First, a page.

Next on the agenda was Øyvind taking me on a tour of the factory. We started downstairs in the basement. Here is Øyvind standing next to washed white Norwegian wool. The washing is done in the UK, and it comes back in large bags and expands whey they are opened.

The pelsull/pelt wool is a lot greyer but also silkier in its apperance than the white wool.  Øyvind is very happy that they did start producing the pelt wool yarn in the spring of 2012. It comes from the Pelt Sheep which is a mixed breed of the Old Norwegian Short Tail Landrace the Blue/Grey kind and the Gotland sheep. Pelt wool is of medium staple and it is a woolen yarn with no distinctive creep, but it does have a good lock. These days, they make 3 thicknesses. Above you see him holding onto the pelt wool fleece which is naturally light grey and gives the dyed colours a weathered look on a dark fibre base.

The yarn has a mohair, silky feel with a halo, lustre and bounce. Despite its halo, it has a great stitch definition and depth to it. The pelt yarn also blooms and softens when you block it. These days, they make 3 thicknesses; the DK weight first named Norsk Pelsull/Norwegian Pelt Wool – now called Tinde – the thicker Bulky weight called Blåne and the newer 4 ply/Fingering weight called Sølje launched in May 2016.

We walked from the basement, where the fleece is kept; air is blown into it and it is dyed up to the next floor. Here is a close up photo of one of the old machine from 1890, that is used for carding for felting.

It was utterly fascinating to see all these old machines still in use. They made less noise than you would anticipate.

The spinning process was my favorite to watch. I was so impressed that this worker could spot where the yarn needed splicing and doing it with such speed and ease.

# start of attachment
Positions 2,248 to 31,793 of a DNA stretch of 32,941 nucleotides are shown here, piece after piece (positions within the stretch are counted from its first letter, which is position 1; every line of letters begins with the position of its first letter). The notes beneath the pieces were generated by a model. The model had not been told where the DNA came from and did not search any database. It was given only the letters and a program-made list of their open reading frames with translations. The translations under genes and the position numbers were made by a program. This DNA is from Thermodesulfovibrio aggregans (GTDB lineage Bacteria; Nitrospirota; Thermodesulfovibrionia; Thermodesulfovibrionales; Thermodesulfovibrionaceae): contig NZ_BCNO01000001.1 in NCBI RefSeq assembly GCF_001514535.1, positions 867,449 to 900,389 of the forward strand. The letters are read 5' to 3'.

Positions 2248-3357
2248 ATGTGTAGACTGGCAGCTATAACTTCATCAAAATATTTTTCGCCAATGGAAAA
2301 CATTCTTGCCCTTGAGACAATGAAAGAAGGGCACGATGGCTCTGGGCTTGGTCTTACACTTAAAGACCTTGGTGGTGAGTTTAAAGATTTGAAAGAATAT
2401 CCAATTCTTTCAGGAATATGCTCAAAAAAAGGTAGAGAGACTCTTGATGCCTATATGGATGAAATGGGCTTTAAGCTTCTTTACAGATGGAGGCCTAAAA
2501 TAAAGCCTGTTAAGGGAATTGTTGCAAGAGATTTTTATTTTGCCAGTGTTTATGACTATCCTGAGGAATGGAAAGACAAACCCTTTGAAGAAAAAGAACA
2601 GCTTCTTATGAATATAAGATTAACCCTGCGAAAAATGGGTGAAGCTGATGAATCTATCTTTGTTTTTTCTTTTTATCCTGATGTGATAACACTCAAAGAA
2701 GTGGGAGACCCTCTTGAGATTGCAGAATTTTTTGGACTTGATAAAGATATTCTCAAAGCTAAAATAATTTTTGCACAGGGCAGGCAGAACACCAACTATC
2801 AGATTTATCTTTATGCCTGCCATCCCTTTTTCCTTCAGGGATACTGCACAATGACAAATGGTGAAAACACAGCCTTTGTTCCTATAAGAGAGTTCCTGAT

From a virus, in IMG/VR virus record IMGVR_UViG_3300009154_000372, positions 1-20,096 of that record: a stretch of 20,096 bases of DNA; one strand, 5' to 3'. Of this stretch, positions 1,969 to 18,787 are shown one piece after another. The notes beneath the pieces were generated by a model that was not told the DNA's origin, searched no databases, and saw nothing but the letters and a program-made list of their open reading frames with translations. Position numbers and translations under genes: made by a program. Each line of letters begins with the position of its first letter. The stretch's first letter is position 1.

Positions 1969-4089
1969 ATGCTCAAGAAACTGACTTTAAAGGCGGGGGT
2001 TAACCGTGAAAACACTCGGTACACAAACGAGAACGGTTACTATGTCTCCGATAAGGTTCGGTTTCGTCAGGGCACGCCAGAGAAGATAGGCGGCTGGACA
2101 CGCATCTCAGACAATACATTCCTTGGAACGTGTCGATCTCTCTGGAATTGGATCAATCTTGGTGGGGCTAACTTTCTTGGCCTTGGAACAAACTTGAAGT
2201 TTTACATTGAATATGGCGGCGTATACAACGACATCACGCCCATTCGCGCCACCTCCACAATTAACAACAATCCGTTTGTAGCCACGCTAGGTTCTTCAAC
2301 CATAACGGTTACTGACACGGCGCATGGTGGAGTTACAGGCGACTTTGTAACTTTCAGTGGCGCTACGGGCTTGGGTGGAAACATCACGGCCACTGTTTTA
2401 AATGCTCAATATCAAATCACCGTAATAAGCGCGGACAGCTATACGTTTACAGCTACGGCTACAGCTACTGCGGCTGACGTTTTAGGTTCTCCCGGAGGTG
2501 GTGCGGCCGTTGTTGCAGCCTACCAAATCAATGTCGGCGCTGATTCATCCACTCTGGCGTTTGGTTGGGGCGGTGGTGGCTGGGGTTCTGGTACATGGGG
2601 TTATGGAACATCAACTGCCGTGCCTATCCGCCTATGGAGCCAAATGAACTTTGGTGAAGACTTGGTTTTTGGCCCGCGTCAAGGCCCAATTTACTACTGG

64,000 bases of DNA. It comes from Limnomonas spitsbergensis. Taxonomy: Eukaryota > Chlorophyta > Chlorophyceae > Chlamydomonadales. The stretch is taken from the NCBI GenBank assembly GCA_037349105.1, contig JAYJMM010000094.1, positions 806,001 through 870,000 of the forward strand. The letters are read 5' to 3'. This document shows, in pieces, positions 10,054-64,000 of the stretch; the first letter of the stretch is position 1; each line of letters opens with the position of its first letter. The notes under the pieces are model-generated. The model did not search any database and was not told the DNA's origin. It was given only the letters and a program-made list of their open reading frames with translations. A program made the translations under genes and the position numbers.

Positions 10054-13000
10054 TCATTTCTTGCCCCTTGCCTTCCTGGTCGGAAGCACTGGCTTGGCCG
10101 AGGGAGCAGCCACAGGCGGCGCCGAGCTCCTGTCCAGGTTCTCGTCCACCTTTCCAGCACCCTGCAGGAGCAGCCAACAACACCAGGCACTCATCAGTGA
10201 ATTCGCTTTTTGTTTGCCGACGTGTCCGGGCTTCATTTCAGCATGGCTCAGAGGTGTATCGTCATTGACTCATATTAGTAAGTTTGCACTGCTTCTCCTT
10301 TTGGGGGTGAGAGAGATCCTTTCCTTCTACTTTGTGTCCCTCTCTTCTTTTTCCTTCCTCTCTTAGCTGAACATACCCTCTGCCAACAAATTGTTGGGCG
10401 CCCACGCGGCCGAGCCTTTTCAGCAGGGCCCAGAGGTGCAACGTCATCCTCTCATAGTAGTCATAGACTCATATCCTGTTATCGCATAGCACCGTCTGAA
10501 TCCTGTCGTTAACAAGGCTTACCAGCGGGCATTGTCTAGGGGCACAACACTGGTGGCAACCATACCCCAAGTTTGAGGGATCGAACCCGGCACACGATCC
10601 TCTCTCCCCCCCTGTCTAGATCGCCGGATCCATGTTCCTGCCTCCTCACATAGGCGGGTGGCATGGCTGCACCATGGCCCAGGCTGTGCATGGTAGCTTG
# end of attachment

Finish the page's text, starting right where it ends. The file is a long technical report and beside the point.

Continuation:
Øyvind’s brother Arild is in charge of developing the colours and the dying. He is also the one that has to fix the machines when the stop. They use two different methods that both give the same result. Here is a close up of the one where the hanks are slowly turned around to ensure even colouring, while the other method keep the hanks static but raises the water platform.

After the hanks have been dyed, they are dried over night, maximum 12 hours to avoid the yarn drying out, upstairs at the loft, the so-called drying loft. Here are skeins of Tinde and Ask.

Here are hanks ready for labelling and their final twist or before they are made into cones.

The machine that transfer the hanks onto cones. I was lucky to meet a number of the 20 employees at the factory and saw them doing their job. The order department was busy working on filling Ysolda’s order (to Scotland) – box number 8 – and a large order to Trollenwolweb (to the Netherlands), as well as numerous other orders both to stores and direct to customers.

After Øyvind had shown me around, I wanted him and Anette to help me make a video of me knitting for the Fruity Knitting Podcast. We talked through where we should record it and choose their beautiful Sense Room, where they hold their knitting café, in the end. Anette was in charge of recording, while Øyvind gave me a signal when there was 10 seconds left so that I could look up and smile. But just like knitters in my workshops do make mistakes just because I am looking at them, so did I when I was filmed. I had to redo those rows on my swatch. Anette also made a second video using her mobile, close up of my fingers, as requested by Andrea, presenter of the Fruity Knitting Podcast. You can see the footage in the Podcast here.

Then we had lunch, Øyvind, Anette, Berit and I, in their conference room and not in their canteen which has a view of the fjord. I told them what I have been working on and so did they. I was also asked if I wanted to make another collection for them and I was delighted to accept. Hence after lunch I wanted to have a closer look at their shop, choose some hanks that had to come home with me for swatching for the seventh collection. I also had a second walk about before my return to Bergen. Above is the entrance to the factory, straight into the shop, with the pelt wool displayed: Sølje on the right, then Blåne and Tinde to the left. This is just a small corner of the shop, that had all their other yarns, yarn kits, knitwear, books, knitting notions, and gifts. Then it was time for me to leave to go back to Bergen, pick up my suitcase and head to the airport. Øyvind took me to the bus stop, since the ferry only runs at rush hour, and gave me instructions where to change buses to make sure I came back into the city center. I made it and also managed to get to the airport in time. I had an amazing day at Hillesvåg Ullvarefabrikk, thank you Øyvind, Anette, Berit and to everyone I met! If you do have the chance and are visiting Bergen, do not miss it!


Oslo Design Fair August 2018